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PLoS One. 2015 Nov 10;10(11):e0142315. doi: 10.1371/journal.pone.0142315. eCollection 2015.

Why Wait? Early Determinants of School Dropout in Preventive Pediatric Primary Care.

Author information

1
Department of Social Medicine, School for Public Health and Primary Care (CAPHRI), Faculty of Health, Medicine and Life Sciences, Maastricht University, Maastricht, The Netherlands.
2
Youth Health Care division, Regional Public Health Service GGD Brabant-Zuidoost, Eindhoven, The Netherlands.
3
Department of Medical Humanities, EMGO Institute for Health and Care Research, School of Medical Sciences, VU University Medical Center, Amsterdam, The Netherlands.

Abstract

BACKGROUND:

To answer the question of what bio-psychosocial determinants in infancy, early and middle childhood, and adolescence predict school drop-out in young adulthood, we approached the complex process towards school dropout as a multidimensional, life-course phenomenon. The aim is to find signs of heightened risks of school dropout as early as possible which will eventually help public health workers in reducing these risks.

METHODS:

In a case-control design, we used data from both the Preventive Pediatric Primary Care (PPPC) files (that contain information from birth onwards) and additional questionnaires filled out by 529 youngsters, aged 18-23 years, and living in the South-east of the Netherlands. We first conducted univariate logistic regression analyses with school-dropout as the dependent variable. Backward and forward stepwise analyses with the significant variables were done with variables pertaining to the 0 to 4 year period. Remaining significant variables were forced into the next model and subsequently variables pertaining to respectively the 4 to 8, 8 to 12 and 12 to 16 year period were introduced in a stepwise analysis. All analyses were cross-validated in an exploratory and confirmatory random half of the sample.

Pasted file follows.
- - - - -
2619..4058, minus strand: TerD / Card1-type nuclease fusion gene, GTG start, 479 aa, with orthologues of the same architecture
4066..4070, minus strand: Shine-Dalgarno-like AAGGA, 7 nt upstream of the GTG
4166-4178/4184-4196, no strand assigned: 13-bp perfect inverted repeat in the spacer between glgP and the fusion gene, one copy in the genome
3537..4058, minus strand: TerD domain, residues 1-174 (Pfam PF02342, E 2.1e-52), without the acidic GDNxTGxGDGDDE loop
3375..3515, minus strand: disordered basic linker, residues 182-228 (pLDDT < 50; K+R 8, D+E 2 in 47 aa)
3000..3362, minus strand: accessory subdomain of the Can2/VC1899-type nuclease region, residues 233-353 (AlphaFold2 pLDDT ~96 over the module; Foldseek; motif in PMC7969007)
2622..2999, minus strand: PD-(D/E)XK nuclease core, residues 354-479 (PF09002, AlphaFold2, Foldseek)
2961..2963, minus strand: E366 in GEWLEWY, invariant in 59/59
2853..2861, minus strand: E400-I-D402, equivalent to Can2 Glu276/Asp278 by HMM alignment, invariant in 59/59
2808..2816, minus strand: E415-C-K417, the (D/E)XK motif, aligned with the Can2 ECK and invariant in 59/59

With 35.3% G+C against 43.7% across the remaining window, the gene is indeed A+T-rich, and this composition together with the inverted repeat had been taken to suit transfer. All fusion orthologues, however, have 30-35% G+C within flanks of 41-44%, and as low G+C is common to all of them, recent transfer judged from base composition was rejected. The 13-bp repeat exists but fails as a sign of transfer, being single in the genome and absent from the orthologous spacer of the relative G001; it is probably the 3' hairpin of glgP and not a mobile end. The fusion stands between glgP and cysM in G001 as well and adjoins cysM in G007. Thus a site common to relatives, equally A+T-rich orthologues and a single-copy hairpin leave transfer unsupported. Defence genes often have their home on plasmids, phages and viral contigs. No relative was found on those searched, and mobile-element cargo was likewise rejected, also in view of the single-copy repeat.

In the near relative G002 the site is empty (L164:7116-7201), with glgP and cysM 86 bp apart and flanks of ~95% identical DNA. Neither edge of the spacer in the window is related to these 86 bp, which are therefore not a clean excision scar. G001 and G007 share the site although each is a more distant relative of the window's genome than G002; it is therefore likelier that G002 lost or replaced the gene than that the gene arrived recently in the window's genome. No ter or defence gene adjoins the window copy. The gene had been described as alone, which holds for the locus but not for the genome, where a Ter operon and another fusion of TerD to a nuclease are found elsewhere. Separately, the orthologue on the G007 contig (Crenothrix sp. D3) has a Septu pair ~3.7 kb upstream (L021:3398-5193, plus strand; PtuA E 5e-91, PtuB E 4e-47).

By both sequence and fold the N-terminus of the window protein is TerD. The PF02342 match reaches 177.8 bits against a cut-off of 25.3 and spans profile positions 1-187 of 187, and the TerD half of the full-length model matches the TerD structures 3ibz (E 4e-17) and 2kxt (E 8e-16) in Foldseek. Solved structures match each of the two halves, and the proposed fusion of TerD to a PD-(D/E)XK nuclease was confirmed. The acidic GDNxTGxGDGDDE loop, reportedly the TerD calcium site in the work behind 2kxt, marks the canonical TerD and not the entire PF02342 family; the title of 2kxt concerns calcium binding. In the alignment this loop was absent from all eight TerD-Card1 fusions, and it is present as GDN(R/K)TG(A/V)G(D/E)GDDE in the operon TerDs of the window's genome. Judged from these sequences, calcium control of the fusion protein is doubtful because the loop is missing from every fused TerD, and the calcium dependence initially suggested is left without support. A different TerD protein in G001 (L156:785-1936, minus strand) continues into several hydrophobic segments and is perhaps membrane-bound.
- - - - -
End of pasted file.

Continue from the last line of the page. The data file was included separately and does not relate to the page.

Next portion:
RESULTS:

One parent families and families with a non-Western background less often attended the health examinations of the PPPC and such less attendance was related to school dropout. The birth of a sibling (OR 0.63, 95% CI 0.43-0.93) in infancy and self-efficacy (OR 0.53, 95% CI 0.38-0.74) in adolescence decreased the odds of school dropout; externalizing behavior (OR 2.81, 95% CI 1.53-5.14) in middle childhood and (sickness) absence (OR 5.62, 95% CI 2.18-14.52) in adolescence increased the risks.

CONCLUSION:

To prevent school dropout, PPPC professionals should not wait until imminent dropout, but should identify and tackle risk factors as early as possible and actively approach youngsters who withdraw from public health care.

PMID:
26555443
PMCID:
PMC4640597
DOI:
10.1371/journal.pone.0142315
[Indexed for MEDLINE]
Free PMC Article

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